Although these devices represent the opportunity to enhance health and reduce the costs of healthcare, they aren’t without a few risks too. The devices, which include wireless sensors that remotely monitor heart rhythm and portable glucose monitoring systems, are increasingly playing a major role in treatments.

The US government agencies have come to the conclusion that clear guidelines are needed to make sure these devices are operated in a safe, reliable and secure manner. The FDA, in particular, is of the opinion that the industry, healthcare providers, patients, and other interested stakeholders in the medical environment should have clear regulatory pathways, processes and standards to bring the technology to market.

Although specific details are thin on the ground at the moment, the aim still pretty noble enough. “All Americans should be afforded the opportunity to benefit from medical technology advances with improved broadband and wireless technology” – the communiqué boldly claims.  At the end of the day though, by clarifying each agency’s scope of authority with respect to these devices, the hope is that interested parties will get a clearer picture of the regulatory process, streamline the application process, and make sure that innovation doesn’t get stifled through bureaucracy.
The move comes as the FDA grapples with even more complex issue of software applications (apps), the likes of which are increasingly been used in mobile medical technology, such as mobile phones, tablet computers and PDAs.

In general, the FDA’s position is that if a mobile app is intended for use in performing a medical device function it is a medical device, regardless of the platform on which it is run. This can range from mobile apps used on mobile phones to analyse glucose meter readings.

In consultation with the US public, the agency is looking to establish formal guidance that define a small subset of mobile medical apps that impact or may impact the performance or functionality of currently regulated medical devices. The offending apps could be used as an accessory to medical device already regulated by the FDA transform a mobile communications device into a regulated medical device by using attachments, sensors or other devices.

There’s an obvious need for some kind of monitoring in this area. Nowadays an app can be used by a healthcare professional to make a specific diagnosis by viewing a medical image on a mobile phone or tablet, whilst some apps can turn a smartphone into an ECG machine and be used to detect abnormal heart rhythms or determine if a patient is experiencing a heart attack. Understandably, the FDA is of the opinion that these particular mobile apps pose the same or similar potential risk to the public health as currently regulated devices if they fail to function as intended.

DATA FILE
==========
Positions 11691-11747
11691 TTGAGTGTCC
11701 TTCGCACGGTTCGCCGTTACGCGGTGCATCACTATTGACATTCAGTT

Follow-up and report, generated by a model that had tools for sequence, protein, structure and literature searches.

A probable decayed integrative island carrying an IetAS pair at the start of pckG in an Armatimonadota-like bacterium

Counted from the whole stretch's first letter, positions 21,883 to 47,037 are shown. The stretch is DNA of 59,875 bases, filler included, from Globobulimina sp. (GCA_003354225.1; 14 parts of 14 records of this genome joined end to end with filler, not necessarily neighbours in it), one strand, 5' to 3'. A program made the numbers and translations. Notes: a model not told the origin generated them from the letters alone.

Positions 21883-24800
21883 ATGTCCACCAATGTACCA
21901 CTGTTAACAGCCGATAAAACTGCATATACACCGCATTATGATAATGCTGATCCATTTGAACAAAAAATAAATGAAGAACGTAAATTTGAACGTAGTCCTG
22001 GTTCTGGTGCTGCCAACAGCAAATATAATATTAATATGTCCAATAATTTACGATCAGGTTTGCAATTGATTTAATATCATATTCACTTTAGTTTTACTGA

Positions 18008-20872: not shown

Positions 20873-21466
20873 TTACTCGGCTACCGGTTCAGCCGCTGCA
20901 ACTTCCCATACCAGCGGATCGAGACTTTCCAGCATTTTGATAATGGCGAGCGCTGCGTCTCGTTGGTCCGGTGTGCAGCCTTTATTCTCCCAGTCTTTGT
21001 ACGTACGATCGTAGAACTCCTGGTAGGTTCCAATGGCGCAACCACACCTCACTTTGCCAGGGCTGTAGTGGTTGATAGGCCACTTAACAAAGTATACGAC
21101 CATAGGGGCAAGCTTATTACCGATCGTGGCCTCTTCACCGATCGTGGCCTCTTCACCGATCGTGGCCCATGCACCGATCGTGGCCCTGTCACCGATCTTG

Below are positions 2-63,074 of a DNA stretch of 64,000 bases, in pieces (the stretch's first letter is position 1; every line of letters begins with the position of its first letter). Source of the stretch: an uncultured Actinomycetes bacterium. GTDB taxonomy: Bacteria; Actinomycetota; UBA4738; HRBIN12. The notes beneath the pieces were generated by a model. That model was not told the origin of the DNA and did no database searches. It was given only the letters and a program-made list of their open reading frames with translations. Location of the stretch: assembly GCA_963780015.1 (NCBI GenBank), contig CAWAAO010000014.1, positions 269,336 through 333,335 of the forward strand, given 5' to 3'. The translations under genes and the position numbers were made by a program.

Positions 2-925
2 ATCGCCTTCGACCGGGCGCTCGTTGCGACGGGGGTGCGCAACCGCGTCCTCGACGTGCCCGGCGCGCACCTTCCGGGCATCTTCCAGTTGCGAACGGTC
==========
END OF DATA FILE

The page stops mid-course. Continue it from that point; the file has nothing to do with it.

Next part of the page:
The FDA has set a deadline for 19th October 2011 for interest parties – including manufacturers and app developers, to submit comments relating to the agency’s draft policy document, with a view to formulating clear guidance on the matter once and for all.  One thing is for sure, it’s a good idea to revise the present guidelines – the FDA’s last significant attempt to address the topic was made in 1989!

Thanks to Lawrence Miller for yet another great article, Lawrence is the Espicom’s editor for Medical Industry Week, and medical newsletter teamleader. For more articles like this, or to start your subscription please click on the link to Medical Industry Week

 



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HQ relocation brings Nuvilex closer to the action

The Medical Technology Blog

Nuvilex, a company that dedicates itself to the development of natural and biotechnology products, has made the canny decision to up sticks and move its corporate headquarters from Scottsdale, AZ, to Silver Spring, MD – only four miles from the FDA’s doorstep. Nuvilex is hoping that the move – which is in its final stages – will give the company immediate access to the FDA’s resources as the company pursues clinical development of its pancreatic cancer treatment technology, as well as other biotechnology developments in the future.

Not only is the company’s HQ in the FDA’s backyard, it is also only about ten miles away from the National Institutes of Health, and the National Cancer Institute – both major sources of funding grants and research collaborations. To explain the move, Nuvilex’ President and CEO, Dr Robert F Ryan, said the new location “..will facilitate our interactions with the FDA, an important part of our overall strategic planning, especially given our recent entry into biotechnology and our plans for expansion in this area”.

Nuvilex’ pancreatic cancer treatment is currently being geared-up for more clinical trials, and apparently, significant advances are in progress with the company’s live-cell encapsulation technology. Natural products in development include Gluten-Free Cinnergen and others to enhance a healthy lifestyle. The company is also developing products designed for cosmetic use, flu treatment and the use of heavy-metal-free tattoo inks. Future developments are planned for Citroxin and Oraphyte, Nuvilex’ antimicrobial and antinematodal agents.